What’s the best way to migrate Cognito users to a new user pool?

Yan Cui

I help clients go faster for less using serverless technologies.

I shared on Linkedin [1] the other day that you should avoid using Cognito subs as the user ID for your system. One of the reasons is that a user’s sub does not carry over when you migrate to a new user pool.

Someone responded by asking “Is this type of migration really that common that it necessitates consideration?

It’s a great question, so let’s dive into it.

  1. When should you consider a user pool migration?
  2. How best to do this migration?

When to consider user pool migration

Migrating users from one Cognito User Pool to another can be highly disruptive. But sometimes it’s our last resort.

Here are some common reasons why you have to consider it:

Changing user pool settings

Many user pool settings cannot be changed after it’s created. Most notably, immutable attributes cannot be changed to mutable later. For example, if you mark the email attribute as immutable but change your mind later.

This is by far the most common reason for migration between Cognito user pools.

Reorganization of environments/apps

Another reason is when you need to reorganize your application(s) and AWS environments. Maybe you want to consolidate multiple user pools into one. Or maybe you want to move your production users to a new production account.

This might be to meet regulatory requirements.

For example, you may need to limit the no. of people who have access to production user data. But if you had one AWS account for all environments then it’s difficult to meet that access control requirement. So to stay compliant, you have to move the production user data into its own account and restrict access to it.

Data sovereignty requirements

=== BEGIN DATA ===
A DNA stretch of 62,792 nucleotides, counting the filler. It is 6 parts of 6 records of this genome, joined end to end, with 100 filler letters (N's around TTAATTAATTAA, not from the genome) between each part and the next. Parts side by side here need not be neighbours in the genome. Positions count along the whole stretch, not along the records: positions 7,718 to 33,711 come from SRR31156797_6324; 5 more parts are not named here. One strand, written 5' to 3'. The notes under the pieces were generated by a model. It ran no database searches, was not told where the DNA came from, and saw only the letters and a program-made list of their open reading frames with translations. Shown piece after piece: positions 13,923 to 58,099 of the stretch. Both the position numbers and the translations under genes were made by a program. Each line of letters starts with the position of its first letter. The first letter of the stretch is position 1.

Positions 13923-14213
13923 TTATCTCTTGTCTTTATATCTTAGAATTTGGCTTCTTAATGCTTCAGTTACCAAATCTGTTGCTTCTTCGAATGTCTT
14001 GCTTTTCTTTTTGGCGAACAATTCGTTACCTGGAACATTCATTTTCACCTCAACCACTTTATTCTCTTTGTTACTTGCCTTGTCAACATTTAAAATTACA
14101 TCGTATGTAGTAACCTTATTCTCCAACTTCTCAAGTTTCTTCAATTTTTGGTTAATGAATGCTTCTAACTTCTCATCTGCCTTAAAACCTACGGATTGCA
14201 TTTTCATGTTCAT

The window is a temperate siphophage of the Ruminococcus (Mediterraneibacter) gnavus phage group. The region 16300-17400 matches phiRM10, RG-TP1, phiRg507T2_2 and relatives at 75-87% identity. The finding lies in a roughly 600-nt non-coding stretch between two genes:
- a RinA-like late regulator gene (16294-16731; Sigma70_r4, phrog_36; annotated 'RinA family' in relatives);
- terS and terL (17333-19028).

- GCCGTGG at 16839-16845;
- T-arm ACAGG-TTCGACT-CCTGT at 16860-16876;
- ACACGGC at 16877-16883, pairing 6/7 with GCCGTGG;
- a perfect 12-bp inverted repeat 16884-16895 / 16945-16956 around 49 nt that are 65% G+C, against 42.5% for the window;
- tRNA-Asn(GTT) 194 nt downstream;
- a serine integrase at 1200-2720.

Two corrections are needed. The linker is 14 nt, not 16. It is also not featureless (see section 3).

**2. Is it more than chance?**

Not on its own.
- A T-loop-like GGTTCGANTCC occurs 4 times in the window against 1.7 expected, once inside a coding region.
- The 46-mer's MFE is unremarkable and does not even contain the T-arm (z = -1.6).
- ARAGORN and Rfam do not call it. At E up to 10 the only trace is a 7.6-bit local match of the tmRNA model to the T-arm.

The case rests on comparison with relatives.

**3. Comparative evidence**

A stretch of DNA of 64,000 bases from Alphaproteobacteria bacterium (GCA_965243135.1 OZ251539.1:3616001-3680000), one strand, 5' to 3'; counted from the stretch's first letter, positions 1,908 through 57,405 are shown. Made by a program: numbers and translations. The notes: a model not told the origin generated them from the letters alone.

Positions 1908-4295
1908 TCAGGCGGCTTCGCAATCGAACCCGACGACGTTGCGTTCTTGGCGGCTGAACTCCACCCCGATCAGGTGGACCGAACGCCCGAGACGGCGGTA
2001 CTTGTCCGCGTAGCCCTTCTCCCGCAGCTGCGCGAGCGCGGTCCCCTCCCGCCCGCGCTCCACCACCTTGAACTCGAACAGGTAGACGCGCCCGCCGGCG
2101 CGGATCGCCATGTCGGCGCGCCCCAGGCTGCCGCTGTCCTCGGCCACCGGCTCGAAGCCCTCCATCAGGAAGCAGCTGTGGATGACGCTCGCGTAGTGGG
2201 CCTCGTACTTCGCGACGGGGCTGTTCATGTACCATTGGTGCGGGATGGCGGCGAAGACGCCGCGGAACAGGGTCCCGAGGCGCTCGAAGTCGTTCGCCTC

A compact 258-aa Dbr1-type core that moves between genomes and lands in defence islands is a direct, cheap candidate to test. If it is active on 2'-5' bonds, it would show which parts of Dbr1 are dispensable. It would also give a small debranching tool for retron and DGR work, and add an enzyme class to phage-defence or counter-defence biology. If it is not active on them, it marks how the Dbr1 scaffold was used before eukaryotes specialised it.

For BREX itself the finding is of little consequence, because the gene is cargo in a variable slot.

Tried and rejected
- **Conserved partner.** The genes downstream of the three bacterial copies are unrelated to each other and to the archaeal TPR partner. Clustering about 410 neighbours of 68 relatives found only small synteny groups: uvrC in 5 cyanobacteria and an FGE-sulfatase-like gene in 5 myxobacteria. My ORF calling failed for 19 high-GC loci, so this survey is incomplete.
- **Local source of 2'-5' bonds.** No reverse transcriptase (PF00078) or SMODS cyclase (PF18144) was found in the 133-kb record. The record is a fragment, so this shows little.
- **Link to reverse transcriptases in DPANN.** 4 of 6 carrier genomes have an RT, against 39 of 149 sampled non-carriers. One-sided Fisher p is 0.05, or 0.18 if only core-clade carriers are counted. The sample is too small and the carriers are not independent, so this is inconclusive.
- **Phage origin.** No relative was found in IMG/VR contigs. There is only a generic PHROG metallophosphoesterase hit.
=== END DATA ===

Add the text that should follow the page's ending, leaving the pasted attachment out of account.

You may need to move some users to a different region to comply with data protection regulations. This means moving some users from one user pool to another.

The BEST way to migrate to a new user pool

The challenge with this migration is that it’s not possible to extract the user password from Cognito.

This is a good thing. It shows that Cognito follows security best practices and does not store user passwords in plain text.

But it makes our lives more difficult during a migration.

Broadly speaking, here are three ways to approach this migration:

Option 1. Add existing users to the new user pool and set a temporary password. Email the users with their temporary password and ask them to log in and change the password.

Option 2. Use the migrate user Lambda trigger [2] (on the new user pool) to migrate users from the old user pool when the user next signs in. This trigger fires whenever a user is not found at the time of sign-in or in the forgot password flow. See the official guide [3] on how to use this trigger to import users into Cognito.

Both of these options suck…

Option 1 puts the burden of migration on the users. Some users will churn, and it’s not a rabbit that you can pull out of the hat too many times.

Option 2 has a loooong tail. You have to keep the Lambda trigger until the last user has been migrated. Chances are some users have churned and will never come back and sign in.

In practice, most people use a combination of these two options:

  • Use the migrate user Lambda trigger to migrate active users. Leave the trigger running for, say, 6 months.
  • After 6 months, disable the trigger and apply option 1) on all remaining users. Those who have not churned will log back in and set a new password.

And that leaves us with my favourite.

Option 3. Go passwordless.

If passwords make migration difficult, then ditch them! Use this opportunity and modernize your app with passwordless authentication.

Cognito doesn’t support passwordless authentication out-of-the-box. But you can implement these custom flows with Lambda triggers.

I shared two ways to implement passwordless authentication with Cognito:

Besides these, you should also consider social sign-in with Google, LinkedIn, X/Twitter and so on.

Conclusions

Migrating users to a new Cognito user pool is perhaps more nuanced than you might think. There are technical limitations to consider. And you have to worry about the impact on your user experience.

It’s something that I try to avoid if I can. But if I must, I prefer to turn my misfortunes into an opportunity and improve my sign-in experience with passwordless authentication.

Do you agree?

Links

[1] Why you should stop using Cognito subs as user ID

[2] Migrate user Lambda trigger

[3] Importing users into user pool with a user migration Lambda trigger

[4] Passwordless authentication with Cognito: one-time passcodes

[5] Passwordless authentication with Cognito: magic email links

 


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